Friday, June 2, 2023

Terrorists Attack: Port Of New York

South Street Seaport Fire 2012. Photo by Jane Kratochvil

This story was republished with permission of Captain Joe Skinner, U.S. Navy (Retired) and Proceedings Magazine, the flagship magazine of the U.S. Naval Institute.

Yesterday morning, terrorists used the Kuwait-flagged merchant vessel Umm Salat—a commercial ship loaded with more than 10,000 shipping containers—to attack New York Harbor just as the U.S. Navy’s Fleet Week began. After the harbor pilot boarded the ship, the crew revealed its intentions to him—to conduct a suicide attack. The ship increased speed to flank and aimed for the largest Navy ship in the harbor. Prior to the collision with the USS New York (LPD-21) the terrorists opened and dumped dozens of containers overboard, dispersing hundreds of naval mines into the water, completely seeding the harbor. The impact of the Umm Salat with the New York effectively destroyed and sank both ships. Explosives detonated in shipping containers on the bow of the Umm Salat killed hundreds of Navy sailors and civilians who were touring the New York or waiting on the pier. The Port Authority of New York and New Jersey immediately halted all shipping into and out of the port while mine clearing operations commenced.
This scenario may be unlikely, but it is possible. Terrorists have used vehicles as attack mechanisms so often that the military created the acronym “VBIED,” for vehicle-borne improvised explosive device. On 9/11, commercial aircraft were the weapon of choice. In Iraq and Afghanistan, suicide bombers have used cars lled with explosives to kill U.S. military personnel and civilians. Recently, terrorists used trucks to run down pedestrians in France and Germany. Is it just a matter of time before they turn a large commercial ship into a VBIED and attack a major port? In March 2003, pirates boarded the chemical tanker Dewi Madrim near Sabah in the South Pacific for several hours. Their intention was not to ransom the crew or steal its cargo, as pirates usually do, but to learn how to steer it. (*M. Ijaz, “The Maritime Threat from Al-Qaeda,” Financial Times, 20 October 2003, 21.)
In addition to the ship-as-VBIED threat, terrorists employing naval mines from a commercial ship also is a plausible scenario. Naval mines are one of the least expensive and most effective threats to ships. They would not be difficult for terrorists to acquire. Iran’s navy has several thousand mines, and the U.S. Department of State lists Iran as the number one state sponsor of terrorism. (*Sydney J. Freedberg, “Sowing the Sea with Fire: The Threat of Sea Mines,” Breaking Defense, 30 March 2015, The presence of mines alone could cause a port to be closed for days or weeks as mine countermeasures were deployed to sweep and clear the harbor.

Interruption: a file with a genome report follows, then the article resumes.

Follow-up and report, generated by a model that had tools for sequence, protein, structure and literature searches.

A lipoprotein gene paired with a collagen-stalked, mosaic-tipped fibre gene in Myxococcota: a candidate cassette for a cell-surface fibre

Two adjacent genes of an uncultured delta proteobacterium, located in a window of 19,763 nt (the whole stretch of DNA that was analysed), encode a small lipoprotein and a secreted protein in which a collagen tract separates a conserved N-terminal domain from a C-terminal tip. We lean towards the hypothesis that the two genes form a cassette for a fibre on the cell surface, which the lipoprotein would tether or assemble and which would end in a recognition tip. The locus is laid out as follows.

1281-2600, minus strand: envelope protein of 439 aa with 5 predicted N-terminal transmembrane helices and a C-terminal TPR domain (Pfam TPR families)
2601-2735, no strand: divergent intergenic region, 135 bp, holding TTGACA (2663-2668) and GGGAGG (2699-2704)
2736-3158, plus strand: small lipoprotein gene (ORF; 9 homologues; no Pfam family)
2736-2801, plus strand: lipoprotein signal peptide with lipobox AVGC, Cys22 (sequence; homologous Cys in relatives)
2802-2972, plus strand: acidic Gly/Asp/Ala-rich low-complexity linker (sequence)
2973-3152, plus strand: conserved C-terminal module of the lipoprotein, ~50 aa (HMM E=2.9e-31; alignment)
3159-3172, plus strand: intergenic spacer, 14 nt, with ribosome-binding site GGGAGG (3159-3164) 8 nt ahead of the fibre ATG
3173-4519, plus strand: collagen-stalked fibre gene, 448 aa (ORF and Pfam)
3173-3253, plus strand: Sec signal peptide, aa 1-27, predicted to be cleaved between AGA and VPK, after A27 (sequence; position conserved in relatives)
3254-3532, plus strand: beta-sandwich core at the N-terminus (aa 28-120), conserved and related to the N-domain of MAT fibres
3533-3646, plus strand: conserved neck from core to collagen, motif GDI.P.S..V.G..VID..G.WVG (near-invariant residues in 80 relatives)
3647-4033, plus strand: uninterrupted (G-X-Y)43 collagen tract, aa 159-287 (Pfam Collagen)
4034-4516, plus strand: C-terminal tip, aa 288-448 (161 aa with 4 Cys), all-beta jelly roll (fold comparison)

There are three ways to defend against a ship attack against a port: prevent the attack; maximize the distance between ship detonation and vital infrastructure; and shield the vital infrastructure. Prior to entering U.S. ports, all ships are evaluated as part of the U.S. Coast Guard’s advanced notice of arrival (ANOA) process to determine the relative potential threat to the port.

Navy ships in port as well as maritime infrastructure could be lucrative targets for terrorists using a large ship as a VBIED. Here the USS New York (LPD-21) enters New York Harbor in 2009. (U.S. Navy photo by Chief Mass Communication Specialist Eric M. Durie/Released)

If an attack cannot be prevented, measures should be taken to maximize the distance between vital city areas and the threat. The first line of defense would be designed to keep threats away from shore. For high-risk ships entering port, for example, a defensive ship with adequate mass could station itself to block passage. In addition, tugs could be used to engage the ship. Jim Murray, a senior executive of a tugboat company that operates in numerous U.S. ports, noted the Port Authority of New York and New Jersey considered the use of tugboats to stop a large merchant ship but quickly realized they would have little effect. “At any speed at all, above ve or six knots at the most, it would be nearly impossible to alter a vessel’s course with a tug. Any higher speed and the tug would just slide down the side of the ship and perhaps capsize.” Instead of blocking a ship, tugs could be used in an asymmetric manner. Defensive tugs could be armed with a harpoon launcher to pierce the hull of a rogue ship, near the waterline in the engine room. An expanding arrowhead designed to pierce thin hulls could then rip the side of the ship open if the harpoon was pulled down and toward the stern of the ship. The harpoon could be attached to a line with sea anchors and a danforth anchor to provide the pulling force to slow a ship and tear a hole in the hull. A swarm of attack tugs should be able to disable a ship by ooding the engine room. At a minimum, a rogue ship’s speed would be reduced, limiting its ability to penetrate a port’s layered protective barrier system.